2 min read

On my run last night, I was catching up on Seth Godin’s podcast, Akimbo, and he brought up an idea that I didn’t realize had a name: path dependence.

From Wikipedia:

Path dependence explains how the set of decisions one faces for any given circumstance is limited by the decisions one has made in the past or by the events that one has experienced, even though past circumstances may no longer be relevant

A social example from Akimbo: after a fresh snow fall in a field, someone starts creating a path, and subsequent travelers follow that same path of footprints. If you return some time later, you’ll see a worn path and mostly undisturbed field.

I think a lot of this is due to the general autopilot we find ourselves on to conserve mental energy. We can only make so many decisions a day before we are cognitively burnt out, so we save time by eliminating choices and follow paths we have followed before.

The irony is not lost on me that I heard this description as I was running the exact route I’ve run for the past few days.

[ Brief aside — this probably also explains why I take a different return route on my runs. I try to find the shortest path from A to B, but then my path back from B to A takes a different route most of the time. Obviously if I truly found the shortest route, it would be the same both directions…but because I probably took a different return route the first time, path dependence dictated I continue to do so. ]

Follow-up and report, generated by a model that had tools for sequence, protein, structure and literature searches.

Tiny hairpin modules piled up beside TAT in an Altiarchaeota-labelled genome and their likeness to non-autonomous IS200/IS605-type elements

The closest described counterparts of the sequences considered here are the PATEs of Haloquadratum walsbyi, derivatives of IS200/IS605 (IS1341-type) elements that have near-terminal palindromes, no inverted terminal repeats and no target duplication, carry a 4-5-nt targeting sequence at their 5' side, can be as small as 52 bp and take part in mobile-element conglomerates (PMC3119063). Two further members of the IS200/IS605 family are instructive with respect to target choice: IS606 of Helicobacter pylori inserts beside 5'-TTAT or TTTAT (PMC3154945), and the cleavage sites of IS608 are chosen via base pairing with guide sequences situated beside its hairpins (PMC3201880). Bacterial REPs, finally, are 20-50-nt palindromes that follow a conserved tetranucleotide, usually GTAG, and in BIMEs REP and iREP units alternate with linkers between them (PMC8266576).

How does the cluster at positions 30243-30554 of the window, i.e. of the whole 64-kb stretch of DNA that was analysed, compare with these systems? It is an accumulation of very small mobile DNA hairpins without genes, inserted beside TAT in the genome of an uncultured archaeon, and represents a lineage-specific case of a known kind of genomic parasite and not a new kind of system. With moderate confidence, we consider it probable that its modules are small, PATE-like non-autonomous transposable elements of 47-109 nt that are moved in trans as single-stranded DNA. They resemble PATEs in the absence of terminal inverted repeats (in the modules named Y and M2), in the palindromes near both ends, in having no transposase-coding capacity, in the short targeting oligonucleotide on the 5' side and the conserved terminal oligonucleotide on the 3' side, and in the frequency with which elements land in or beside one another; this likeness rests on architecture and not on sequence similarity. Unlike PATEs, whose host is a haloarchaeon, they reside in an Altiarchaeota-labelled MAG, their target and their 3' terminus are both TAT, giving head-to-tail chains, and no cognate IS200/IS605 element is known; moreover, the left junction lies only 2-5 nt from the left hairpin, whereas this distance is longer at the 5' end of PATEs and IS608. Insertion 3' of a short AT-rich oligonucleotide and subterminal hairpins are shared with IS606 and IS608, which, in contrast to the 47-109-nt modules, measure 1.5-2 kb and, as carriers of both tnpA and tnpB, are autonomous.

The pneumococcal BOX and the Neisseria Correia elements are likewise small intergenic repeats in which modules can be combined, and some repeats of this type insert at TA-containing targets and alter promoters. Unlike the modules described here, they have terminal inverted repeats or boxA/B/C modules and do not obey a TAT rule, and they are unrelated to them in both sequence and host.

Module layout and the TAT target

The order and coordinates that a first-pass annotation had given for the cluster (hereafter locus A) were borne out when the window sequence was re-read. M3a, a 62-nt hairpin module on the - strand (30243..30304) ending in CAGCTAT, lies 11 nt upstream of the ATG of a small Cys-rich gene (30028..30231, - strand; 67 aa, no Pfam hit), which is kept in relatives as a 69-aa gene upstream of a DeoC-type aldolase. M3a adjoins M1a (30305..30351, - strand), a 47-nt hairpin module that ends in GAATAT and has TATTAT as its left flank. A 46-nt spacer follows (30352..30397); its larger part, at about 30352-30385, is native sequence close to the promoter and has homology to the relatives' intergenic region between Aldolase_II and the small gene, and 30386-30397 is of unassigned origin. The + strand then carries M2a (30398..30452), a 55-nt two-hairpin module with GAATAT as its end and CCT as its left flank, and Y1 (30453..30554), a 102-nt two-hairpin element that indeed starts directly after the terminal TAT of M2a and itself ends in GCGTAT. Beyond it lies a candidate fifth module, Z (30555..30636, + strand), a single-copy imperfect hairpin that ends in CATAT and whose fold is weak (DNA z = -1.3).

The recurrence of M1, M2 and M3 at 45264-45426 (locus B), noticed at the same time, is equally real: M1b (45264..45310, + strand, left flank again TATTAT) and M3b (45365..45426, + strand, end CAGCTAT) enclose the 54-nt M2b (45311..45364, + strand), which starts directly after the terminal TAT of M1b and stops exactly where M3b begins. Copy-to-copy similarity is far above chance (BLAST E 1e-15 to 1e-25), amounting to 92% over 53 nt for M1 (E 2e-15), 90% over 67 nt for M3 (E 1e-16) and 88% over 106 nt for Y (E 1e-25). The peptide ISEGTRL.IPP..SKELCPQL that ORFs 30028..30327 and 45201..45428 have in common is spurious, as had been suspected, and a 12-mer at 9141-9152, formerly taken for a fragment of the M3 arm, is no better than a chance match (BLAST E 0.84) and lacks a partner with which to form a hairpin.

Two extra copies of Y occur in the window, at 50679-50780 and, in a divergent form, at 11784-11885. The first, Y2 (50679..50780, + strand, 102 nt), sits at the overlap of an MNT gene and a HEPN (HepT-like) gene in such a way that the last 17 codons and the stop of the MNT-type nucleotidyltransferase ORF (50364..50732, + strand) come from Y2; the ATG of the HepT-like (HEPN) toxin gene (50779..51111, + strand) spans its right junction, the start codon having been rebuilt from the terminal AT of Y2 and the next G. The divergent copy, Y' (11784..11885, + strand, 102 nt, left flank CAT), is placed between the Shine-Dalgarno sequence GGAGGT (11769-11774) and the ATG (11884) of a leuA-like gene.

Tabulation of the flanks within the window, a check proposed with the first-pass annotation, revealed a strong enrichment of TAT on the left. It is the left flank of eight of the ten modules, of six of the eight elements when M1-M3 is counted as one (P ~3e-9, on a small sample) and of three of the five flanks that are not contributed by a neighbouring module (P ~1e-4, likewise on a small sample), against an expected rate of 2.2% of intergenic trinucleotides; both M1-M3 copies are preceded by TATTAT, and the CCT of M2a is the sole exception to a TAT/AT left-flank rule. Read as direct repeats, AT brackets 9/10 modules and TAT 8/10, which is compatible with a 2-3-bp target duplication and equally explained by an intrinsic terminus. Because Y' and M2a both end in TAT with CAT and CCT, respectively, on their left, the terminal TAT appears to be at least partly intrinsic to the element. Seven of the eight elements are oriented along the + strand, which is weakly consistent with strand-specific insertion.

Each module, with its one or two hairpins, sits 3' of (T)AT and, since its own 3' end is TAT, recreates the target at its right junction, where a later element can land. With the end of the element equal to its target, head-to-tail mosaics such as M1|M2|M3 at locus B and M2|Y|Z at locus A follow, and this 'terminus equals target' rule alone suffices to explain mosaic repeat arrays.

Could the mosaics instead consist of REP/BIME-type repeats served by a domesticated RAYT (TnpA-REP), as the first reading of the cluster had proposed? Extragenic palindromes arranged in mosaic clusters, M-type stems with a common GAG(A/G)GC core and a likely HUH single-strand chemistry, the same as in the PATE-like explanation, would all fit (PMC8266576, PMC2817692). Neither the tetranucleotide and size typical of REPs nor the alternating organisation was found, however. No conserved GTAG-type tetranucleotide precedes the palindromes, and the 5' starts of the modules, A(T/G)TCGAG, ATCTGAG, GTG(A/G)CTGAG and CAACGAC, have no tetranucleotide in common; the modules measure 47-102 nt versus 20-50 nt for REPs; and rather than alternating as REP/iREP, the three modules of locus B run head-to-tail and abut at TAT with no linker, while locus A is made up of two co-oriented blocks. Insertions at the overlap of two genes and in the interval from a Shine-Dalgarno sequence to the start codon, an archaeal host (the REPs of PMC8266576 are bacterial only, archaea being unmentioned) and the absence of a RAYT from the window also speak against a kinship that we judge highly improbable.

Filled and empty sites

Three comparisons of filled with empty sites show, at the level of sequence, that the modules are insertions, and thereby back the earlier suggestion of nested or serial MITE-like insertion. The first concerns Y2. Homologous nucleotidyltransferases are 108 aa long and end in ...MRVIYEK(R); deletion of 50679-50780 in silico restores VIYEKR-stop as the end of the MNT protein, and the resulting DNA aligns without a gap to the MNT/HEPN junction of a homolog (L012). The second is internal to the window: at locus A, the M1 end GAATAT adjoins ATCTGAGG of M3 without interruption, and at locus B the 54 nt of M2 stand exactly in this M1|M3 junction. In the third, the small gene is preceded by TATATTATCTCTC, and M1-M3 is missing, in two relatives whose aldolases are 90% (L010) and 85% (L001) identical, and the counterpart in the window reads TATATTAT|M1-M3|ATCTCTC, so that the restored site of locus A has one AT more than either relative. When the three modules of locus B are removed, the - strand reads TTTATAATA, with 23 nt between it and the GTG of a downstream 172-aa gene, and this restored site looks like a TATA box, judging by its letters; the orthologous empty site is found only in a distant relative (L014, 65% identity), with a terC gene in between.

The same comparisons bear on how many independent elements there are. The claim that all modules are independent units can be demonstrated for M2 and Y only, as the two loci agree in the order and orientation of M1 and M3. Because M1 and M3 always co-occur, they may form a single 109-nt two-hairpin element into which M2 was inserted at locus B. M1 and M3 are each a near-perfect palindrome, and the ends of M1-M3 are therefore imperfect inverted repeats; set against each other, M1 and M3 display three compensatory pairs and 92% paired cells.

Anyway, there’s something beautiful about thoughtfully counteracting path dependence. And it’s not all literal paths — a morning routine could signal path dependence.

I just listened to an interview with investor Nikhil Kalghatgi, who brought up the idea that we often overestimate our awareness of what truly makes us happy.

His example was that he had a morning coffee shop routine, which he thought made him very happy. When he moved, he lost that routine, which he expected would damage his happiness. But in its stead, he replaced it with a new morning breakfast routine with his wife, which actually made him much happier.

So I really like the idea of intentional path non-dependence. What can you do differently about this behavior from what you’ve done before? What can you do differently than what others would tell you is the right way to do things?

It’s not revolutionary — a lot of people will call this looking at what a lot of people are doing, and doing the opposite. Being contrarian. But instead of just being contrarian ideologically, it’s contrarian on a mechanical and behavioral level.

Both in big moments or decisions, and in very small moments as well. Why not?